Smokeless tobacco contains sugar, which combines with the plaque on your teeth to damage your tooth enamel and cause decay.

Receding gums
Placing chewing tobacco in your mouth at the same spot over and over can permanently damage your gums. It can also harm your bone structure. Your irritated gums may pull away from your teeth, expose your tooth roots, and leave your teeth painful and susceptible to decay. Receding gums sometimes also loosen your teeth and cause them to eventually fall out.

Tooth discoloration
Smokeless tobacco stains your teeth, causing embarrassing yellow and brown discoloration. It is extremely difficult to remove with normal brushing, and even professional teeth whitening may not completely remove these stubborn stains.

Bad breath
Your breath will suffer from tobacco products of any kind. Don’t be fooled into thinking that mint-flavored smokeless tobacco hides the problem.

Tooth abrasion
Smokeless tobacco can be gritty and scratch your teeth, wearing down the enamel. Loss of tooth enamel increases sensitivity and may require treatment.

Cancer
The consistent placement of tobacco inside your gums and the irritating juices accompanying it can cause a pre-cancerous condition called leukoplakia. All smokeless tobacco contains cancer-causing agents, which subject users to higher cancer risk in the oral cavity, larynx, esophagus, and pharynx.

BRS Dentistry – Family dental office in Richmond VA

Should I Replace my Fillings?

Saturday, September 7th, 2013

Even with advances in dentistry, fillings don’t last forever. Your fillings will most likely need to be replaced at some point, depending on a variety of factors. The main things that affect the durability of your fillings are the type of material used, location and size of the filling, and your oral habits.

Amalgam fillings

Traditional metal fillings, made with amalgam, usually last 10-12 years. These are the fillings that are silver in color. The filling material is held in place by its shape fitting into the prepared hole in your tooth. With the loss of tooth structure and biting pressure over time, your tooth can weaken. Your dentist will recommend replacement if there is evidence that the filling is leaking, weakening, or allowing decay.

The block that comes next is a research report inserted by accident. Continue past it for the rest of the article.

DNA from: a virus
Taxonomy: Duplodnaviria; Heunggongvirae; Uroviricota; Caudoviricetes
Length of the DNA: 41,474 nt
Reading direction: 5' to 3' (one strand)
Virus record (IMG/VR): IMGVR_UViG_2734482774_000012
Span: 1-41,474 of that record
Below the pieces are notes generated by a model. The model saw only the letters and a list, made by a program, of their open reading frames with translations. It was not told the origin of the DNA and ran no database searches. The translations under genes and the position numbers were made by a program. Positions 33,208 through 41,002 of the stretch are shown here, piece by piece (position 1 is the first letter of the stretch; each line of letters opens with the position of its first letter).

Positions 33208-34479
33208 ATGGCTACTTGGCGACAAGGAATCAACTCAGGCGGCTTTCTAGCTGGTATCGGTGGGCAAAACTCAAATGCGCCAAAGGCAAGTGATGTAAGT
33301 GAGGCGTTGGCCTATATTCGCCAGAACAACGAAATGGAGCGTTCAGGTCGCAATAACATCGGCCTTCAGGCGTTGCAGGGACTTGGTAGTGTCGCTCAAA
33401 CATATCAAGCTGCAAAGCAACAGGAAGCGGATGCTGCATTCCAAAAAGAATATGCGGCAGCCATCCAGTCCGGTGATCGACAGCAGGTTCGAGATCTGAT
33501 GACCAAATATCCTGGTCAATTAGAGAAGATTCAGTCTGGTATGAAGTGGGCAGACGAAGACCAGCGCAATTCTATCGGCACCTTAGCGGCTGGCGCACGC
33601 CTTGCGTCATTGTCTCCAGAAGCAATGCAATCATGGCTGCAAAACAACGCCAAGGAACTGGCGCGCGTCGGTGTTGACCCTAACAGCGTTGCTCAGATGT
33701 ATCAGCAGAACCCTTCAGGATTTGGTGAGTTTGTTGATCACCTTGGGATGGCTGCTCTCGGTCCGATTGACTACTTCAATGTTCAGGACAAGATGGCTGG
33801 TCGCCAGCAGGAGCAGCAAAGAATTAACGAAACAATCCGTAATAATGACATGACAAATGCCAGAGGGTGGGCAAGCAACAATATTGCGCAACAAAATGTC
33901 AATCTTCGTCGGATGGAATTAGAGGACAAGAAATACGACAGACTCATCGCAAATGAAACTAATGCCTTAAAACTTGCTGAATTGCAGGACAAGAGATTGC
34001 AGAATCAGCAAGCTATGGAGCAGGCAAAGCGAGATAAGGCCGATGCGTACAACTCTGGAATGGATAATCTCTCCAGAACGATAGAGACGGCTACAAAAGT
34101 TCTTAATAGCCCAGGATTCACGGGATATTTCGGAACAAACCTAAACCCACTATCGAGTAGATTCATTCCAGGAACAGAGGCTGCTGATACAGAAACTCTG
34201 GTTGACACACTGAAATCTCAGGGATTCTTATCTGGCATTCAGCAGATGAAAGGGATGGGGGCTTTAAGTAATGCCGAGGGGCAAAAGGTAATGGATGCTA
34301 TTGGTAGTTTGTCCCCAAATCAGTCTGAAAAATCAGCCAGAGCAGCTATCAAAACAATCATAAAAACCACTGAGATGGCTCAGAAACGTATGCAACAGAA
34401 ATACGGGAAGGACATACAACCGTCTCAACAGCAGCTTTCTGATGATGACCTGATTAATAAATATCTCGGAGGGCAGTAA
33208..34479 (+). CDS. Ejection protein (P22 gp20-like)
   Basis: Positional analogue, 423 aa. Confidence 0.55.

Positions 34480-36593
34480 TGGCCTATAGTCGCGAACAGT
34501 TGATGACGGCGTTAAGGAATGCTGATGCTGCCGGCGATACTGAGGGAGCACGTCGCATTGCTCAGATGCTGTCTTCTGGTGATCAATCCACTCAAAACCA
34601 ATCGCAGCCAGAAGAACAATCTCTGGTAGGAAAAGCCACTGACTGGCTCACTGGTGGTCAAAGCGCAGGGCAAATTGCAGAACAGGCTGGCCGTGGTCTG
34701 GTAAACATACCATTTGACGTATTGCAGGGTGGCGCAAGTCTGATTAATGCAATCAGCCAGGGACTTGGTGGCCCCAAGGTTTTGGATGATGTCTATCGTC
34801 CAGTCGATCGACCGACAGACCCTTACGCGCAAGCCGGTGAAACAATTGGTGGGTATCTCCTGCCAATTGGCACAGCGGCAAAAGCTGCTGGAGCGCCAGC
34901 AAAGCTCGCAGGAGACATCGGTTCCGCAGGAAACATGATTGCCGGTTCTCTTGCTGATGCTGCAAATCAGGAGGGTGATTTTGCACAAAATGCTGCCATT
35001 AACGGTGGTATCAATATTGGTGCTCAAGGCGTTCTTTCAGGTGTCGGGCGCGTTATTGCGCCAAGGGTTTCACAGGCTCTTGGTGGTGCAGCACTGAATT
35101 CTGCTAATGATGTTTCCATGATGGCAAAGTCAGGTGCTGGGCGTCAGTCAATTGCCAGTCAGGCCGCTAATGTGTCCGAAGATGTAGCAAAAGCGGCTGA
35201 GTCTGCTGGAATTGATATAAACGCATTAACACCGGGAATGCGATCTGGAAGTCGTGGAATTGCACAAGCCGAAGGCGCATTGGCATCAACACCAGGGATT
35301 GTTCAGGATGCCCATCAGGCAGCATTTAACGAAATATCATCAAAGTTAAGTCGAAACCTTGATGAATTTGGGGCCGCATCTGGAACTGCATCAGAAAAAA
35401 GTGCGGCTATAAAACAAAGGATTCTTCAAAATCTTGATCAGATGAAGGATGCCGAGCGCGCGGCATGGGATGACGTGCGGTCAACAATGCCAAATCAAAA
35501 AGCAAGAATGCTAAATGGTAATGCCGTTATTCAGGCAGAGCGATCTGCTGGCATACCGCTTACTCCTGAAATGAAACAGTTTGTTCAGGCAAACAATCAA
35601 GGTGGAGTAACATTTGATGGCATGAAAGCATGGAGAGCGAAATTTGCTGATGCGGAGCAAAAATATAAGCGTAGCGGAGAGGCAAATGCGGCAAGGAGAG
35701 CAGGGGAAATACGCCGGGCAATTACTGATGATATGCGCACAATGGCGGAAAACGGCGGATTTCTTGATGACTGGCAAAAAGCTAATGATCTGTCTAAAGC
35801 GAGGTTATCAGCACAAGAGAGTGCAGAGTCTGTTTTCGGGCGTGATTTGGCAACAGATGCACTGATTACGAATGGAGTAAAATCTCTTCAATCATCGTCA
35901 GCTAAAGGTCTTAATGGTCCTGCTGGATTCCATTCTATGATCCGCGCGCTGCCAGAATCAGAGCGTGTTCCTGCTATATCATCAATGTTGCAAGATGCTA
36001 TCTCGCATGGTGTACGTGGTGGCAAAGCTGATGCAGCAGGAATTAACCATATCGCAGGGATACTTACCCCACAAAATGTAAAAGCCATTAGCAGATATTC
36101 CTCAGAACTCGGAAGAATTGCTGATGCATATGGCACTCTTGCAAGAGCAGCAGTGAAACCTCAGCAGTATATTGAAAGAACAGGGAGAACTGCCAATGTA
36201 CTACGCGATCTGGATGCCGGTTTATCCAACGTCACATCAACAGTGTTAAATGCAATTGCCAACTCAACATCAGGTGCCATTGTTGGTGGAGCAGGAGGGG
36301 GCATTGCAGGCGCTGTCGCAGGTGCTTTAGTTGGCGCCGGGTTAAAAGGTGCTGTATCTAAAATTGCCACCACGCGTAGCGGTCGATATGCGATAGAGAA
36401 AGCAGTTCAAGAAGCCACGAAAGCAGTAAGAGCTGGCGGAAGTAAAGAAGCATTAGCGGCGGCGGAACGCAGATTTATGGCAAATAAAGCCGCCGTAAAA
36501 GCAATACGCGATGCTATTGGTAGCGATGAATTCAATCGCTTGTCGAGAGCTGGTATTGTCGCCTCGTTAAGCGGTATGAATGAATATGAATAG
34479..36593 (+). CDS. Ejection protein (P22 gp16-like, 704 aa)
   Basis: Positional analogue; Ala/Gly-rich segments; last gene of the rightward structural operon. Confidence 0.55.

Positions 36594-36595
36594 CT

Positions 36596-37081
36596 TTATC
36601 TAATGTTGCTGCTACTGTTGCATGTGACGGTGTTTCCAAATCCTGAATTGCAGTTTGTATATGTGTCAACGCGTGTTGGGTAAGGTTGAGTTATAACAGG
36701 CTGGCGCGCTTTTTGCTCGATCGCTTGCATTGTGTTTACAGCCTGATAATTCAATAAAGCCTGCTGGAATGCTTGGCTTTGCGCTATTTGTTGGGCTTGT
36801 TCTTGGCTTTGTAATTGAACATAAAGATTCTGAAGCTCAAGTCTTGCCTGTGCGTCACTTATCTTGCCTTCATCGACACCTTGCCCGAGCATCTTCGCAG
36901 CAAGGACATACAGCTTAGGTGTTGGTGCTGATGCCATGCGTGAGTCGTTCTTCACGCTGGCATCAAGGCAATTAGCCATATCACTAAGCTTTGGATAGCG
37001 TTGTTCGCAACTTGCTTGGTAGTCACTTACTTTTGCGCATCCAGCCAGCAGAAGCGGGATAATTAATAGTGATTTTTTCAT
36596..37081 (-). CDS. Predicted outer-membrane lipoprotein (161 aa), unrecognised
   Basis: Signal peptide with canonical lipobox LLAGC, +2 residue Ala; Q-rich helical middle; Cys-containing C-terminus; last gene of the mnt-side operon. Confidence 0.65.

Composite resin fillings

Fillings made with resin material that is bonded to your tooth typically last 5-7 years. These popular fillings are tooth-colored and not as noticeable in your mouth. However, this type of material is susceptible to moisture in the tooth from saliva or blood. Plus, it is simply not as durable as amalgam. Your dentist will look for signs that indicate replacement is needed.

Size and location

The larger the filling, the more vulnerable the tooth is to leaking or breaking in the future. Also, teeth that must endure more chewing force are more susceptible to breakage and wear.

Oral habits

Habits like teeth grinding, nail biting, and dental hygiene affect the lifespan of fillings. Some habits wear down your fillings or create small breaks in your teeth. The best way to maintain fillings is to schedule regular dental checkups to have them monitored.

General and family dentist in Richmond VA

FREE Consultation

Schedule your appointment today!


.......................................................

Cosmetic Dentistry

Visit Our Before and After Gallery


.......................................................

Contact Us

Get Map Directions

804.684.8517

6901 Patterson Ave.
(Patterson at Three Chopt)
Richmond , VA 23226

804.886.3316

10410 Ridgefield Pkwy
(Ridgefield at Pump)
Richmond, VA 23233


.......................................................

 

Patient Testimonial

Dear Dr. Brown,
I wanted to thank you and your entire staff for my recent dental experience at your Patterson office. Everyone exceeded my expectations in making my dental visits comfortable, from scheduling to the finish of my procedure. I truly felt everyone cared about me as an individual and took special steps to

click here for entire testimonial